For the contingency table statistical analysis, the G test with Williams' correction was applied, with a two-tailed p <0.05 considered statistically significant. To calculate the DCLP, the numerator is the pregnant leper total, and the denominator is the total number of women aged 12 to 49 years, multiplied by 10,000 inhabitants 19 .

To estimate the endemicity patterns of the leprosy-pregnancy association, all DCLP indices calculated were, from start, arranged in ascending order for the studied counties. The State of Pará has 143 counties. Considering that the study was conducted for a period of three years, we can state that 429 coefficients of detection were observed along this time. The number 84 indicates that only the positive coefficients were considered, and the zeros were not counted. Thus, out of 429 coefficients, only 84 are positive (i.e., greater than zero). After calculating the coefficients, the percentile method was used because there are five endemicity patterns: hyperendemic, very high, high, medium and low. Figure 1 shows that four percentiles were used (P20, P40, P60 and P80). The DCLP values corresponding to these percentiles were then calculated. These four percentiles divide the ordered series of coefficients into five groups with an equal number of observations as previously proposed by Palacios et al. 20 . Each group corresponds to a range that characterizes the disease endemicity parameter (low, medium, high, very high and hyperendemic).

FIGURE 1 Resume of the calculation of the parameters of endemicity of leprosy associated with pregnancy. Source: Palácios, 2012. DCLP: detection coefficient of the leprosy and pregnancy association. 

Once calculated, the DCLP values were interpreted according to the predefined parameters. Thematic and coropletic digital maps were then generated, using ArcView 3.2 software, integrated with Corel Draw, version 1.5, so as to depict the spatial distribution of the DCLP values visually.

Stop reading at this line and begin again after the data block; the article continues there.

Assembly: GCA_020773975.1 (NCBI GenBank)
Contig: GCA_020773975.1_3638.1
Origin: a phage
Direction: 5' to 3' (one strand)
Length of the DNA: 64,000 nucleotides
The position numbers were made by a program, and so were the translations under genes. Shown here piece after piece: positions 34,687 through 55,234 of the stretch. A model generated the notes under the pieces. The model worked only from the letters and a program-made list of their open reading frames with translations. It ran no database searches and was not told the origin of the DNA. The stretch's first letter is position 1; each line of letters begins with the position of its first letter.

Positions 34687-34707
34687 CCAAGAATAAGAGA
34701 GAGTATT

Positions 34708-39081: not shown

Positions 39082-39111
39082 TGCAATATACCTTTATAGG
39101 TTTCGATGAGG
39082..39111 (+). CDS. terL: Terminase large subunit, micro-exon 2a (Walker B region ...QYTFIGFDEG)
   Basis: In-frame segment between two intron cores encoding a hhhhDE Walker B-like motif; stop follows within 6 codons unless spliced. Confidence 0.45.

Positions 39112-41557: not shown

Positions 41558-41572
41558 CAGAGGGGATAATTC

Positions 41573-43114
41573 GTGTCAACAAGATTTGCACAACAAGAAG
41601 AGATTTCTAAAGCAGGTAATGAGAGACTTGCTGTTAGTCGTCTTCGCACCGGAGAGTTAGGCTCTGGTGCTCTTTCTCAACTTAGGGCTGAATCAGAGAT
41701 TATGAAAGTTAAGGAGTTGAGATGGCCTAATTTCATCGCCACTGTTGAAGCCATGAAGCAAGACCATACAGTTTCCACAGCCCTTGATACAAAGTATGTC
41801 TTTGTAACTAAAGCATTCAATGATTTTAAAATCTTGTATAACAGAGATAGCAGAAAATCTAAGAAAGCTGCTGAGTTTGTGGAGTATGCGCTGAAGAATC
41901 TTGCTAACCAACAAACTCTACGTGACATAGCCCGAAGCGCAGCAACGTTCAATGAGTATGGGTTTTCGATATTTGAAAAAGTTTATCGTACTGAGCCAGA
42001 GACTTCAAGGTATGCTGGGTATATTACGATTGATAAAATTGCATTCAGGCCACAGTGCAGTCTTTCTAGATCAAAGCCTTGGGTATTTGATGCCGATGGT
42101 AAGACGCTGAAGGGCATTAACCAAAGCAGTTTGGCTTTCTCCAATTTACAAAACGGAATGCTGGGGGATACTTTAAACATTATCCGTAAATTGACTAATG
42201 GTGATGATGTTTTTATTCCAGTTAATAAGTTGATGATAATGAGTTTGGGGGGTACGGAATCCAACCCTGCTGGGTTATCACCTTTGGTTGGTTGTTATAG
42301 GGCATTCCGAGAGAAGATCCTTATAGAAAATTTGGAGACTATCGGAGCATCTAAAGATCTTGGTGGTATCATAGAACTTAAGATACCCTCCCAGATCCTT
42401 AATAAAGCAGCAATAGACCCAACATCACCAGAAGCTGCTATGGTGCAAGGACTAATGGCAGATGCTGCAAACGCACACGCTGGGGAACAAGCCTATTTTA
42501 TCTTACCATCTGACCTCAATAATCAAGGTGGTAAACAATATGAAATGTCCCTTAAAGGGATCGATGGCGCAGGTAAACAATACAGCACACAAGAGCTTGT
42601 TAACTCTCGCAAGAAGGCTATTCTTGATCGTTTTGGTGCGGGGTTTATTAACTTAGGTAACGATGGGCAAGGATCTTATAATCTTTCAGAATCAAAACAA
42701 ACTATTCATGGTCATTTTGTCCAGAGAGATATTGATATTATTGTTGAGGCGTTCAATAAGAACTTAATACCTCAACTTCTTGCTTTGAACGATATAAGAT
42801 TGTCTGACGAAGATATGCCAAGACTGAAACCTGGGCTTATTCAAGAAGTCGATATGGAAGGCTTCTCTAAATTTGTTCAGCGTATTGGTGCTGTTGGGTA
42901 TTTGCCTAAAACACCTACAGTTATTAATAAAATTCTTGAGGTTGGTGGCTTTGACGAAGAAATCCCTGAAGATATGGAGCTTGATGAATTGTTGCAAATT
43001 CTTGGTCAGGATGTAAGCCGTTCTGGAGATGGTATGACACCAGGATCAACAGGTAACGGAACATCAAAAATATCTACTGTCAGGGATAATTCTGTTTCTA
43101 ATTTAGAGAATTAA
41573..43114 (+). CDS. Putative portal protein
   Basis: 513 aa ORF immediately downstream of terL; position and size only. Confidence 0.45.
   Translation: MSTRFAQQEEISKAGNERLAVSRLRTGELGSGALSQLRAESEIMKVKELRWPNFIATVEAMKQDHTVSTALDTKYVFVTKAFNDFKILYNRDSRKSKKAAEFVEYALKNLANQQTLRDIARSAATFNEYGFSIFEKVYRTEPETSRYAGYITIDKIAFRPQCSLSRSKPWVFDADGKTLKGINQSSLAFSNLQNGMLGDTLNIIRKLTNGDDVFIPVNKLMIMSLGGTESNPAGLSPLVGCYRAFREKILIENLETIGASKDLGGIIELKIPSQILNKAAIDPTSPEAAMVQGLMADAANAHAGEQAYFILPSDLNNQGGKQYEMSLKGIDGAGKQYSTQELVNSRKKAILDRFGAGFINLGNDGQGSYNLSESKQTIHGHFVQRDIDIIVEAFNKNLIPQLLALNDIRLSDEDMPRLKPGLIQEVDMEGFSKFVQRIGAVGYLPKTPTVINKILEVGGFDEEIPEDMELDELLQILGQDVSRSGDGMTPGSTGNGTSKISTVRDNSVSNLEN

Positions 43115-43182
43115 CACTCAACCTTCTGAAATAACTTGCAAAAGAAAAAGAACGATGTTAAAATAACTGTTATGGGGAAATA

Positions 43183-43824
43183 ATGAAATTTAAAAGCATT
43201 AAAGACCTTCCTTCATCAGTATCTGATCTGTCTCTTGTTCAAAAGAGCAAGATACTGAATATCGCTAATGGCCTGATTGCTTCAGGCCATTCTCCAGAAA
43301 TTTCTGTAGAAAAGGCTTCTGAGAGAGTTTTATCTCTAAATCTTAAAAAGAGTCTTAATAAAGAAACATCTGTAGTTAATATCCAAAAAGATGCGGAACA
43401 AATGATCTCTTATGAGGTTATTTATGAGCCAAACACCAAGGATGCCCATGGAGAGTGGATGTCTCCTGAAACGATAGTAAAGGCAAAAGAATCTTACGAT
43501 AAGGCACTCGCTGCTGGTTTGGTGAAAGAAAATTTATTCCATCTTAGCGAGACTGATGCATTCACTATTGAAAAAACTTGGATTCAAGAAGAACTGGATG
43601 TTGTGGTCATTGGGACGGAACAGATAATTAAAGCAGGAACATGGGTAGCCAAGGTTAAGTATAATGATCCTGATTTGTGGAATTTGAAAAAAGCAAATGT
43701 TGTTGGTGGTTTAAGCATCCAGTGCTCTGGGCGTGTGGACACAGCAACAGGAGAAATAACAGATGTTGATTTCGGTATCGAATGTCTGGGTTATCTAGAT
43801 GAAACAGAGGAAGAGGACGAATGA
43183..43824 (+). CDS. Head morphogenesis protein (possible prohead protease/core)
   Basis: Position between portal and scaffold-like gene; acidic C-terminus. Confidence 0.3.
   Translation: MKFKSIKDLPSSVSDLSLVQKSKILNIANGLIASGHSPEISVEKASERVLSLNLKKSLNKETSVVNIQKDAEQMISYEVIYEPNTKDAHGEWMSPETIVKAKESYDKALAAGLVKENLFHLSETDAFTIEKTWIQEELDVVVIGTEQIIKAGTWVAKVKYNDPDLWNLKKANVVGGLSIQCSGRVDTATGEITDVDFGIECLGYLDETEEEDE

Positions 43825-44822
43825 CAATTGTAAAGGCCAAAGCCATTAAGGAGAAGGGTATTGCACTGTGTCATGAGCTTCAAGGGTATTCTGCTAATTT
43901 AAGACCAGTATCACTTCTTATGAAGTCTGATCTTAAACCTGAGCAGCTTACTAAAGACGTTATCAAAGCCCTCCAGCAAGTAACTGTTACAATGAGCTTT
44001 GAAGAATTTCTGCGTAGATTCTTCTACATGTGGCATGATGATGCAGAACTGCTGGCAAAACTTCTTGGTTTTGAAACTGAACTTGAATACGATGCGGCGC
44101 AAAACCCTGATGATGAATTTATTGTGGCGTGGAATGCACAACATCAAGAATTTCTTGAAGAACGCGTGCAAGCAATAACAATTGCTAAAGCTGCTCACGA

RESULTS

Over the three study years, 149 cases of pregnant women with leprosy were reported: 57 in 2007, 47 in 2008 and 45 in 2009. The data were organized by the 143 counties of Pará in the three years of the study and then collected in the twelve IR containing their respective counties.

In this study, all p values were greater than 0.05, indicating no statistical evidence against the hypothesis that leprosy cases in pregnant women were distributed evenly among the categories of the following selected variables.

With regard to the age and race of the 149 women tallied, 104 (69%) were aged 20-39 years and 84 (56%) were members of the pardo racial classification. As for schooling, no significant predominance was identified, although most subjects had completed elementary and high school education; four were illiterate. Regarding the clinical form of the disease, 49 (32%) cases were indeterminable and 45 (30%) dimorphic. Of the 149 cases studied, 28 (18%) were unclassifiable. Regarding the operational classification, the paucibacillary form was observed in 84 (56%) cases, and the multibacillary form was observed in 65 (44%) cases. Single skin lesions appeared in 74 (49%) cases, whereas 49 (32%) cases had two to five lesions. The input mode revealed 124 (83%) new cases. Regarding the number of affected nerves, the not informed column was predominant, comprising 102 (68%) of the 149 reported cases. There were 92 (61.7%) cases discharged following cure, and 21 (14.1%) patients abandoned treatment. Regarding the detection of cases, 73 (48%) pregnant women with leprosy sought health services spontaneously, followed by 34 (22%) referral cases, whereas 25 (16%) cases were registered as ignored. The bacilloscopy results were ignored in 98 (65%) cases and unrealized in 37 (24%) cases, meaning that 135 (90%) of the total of 149 cases were noticeable. Regarding the initial therapeutic regimen, 89 (59%) women began paucibacillary multidrug therapy (MDT/PB) and 59 (39%) were given multibacillary multidrug therapy (MDT/MB). In addition, two to five registered contacts predominated in 92 (61%) cases, whereas 30 (20%) cases registered more than five contacts. Of the total, 103 (69%) cases were reported as being without reaction, and 36 (24%) cases were determined to be not reported. In addition, seven (4%) cases with type I reactions and two cases with type II reactions were reported ( Table 1 ).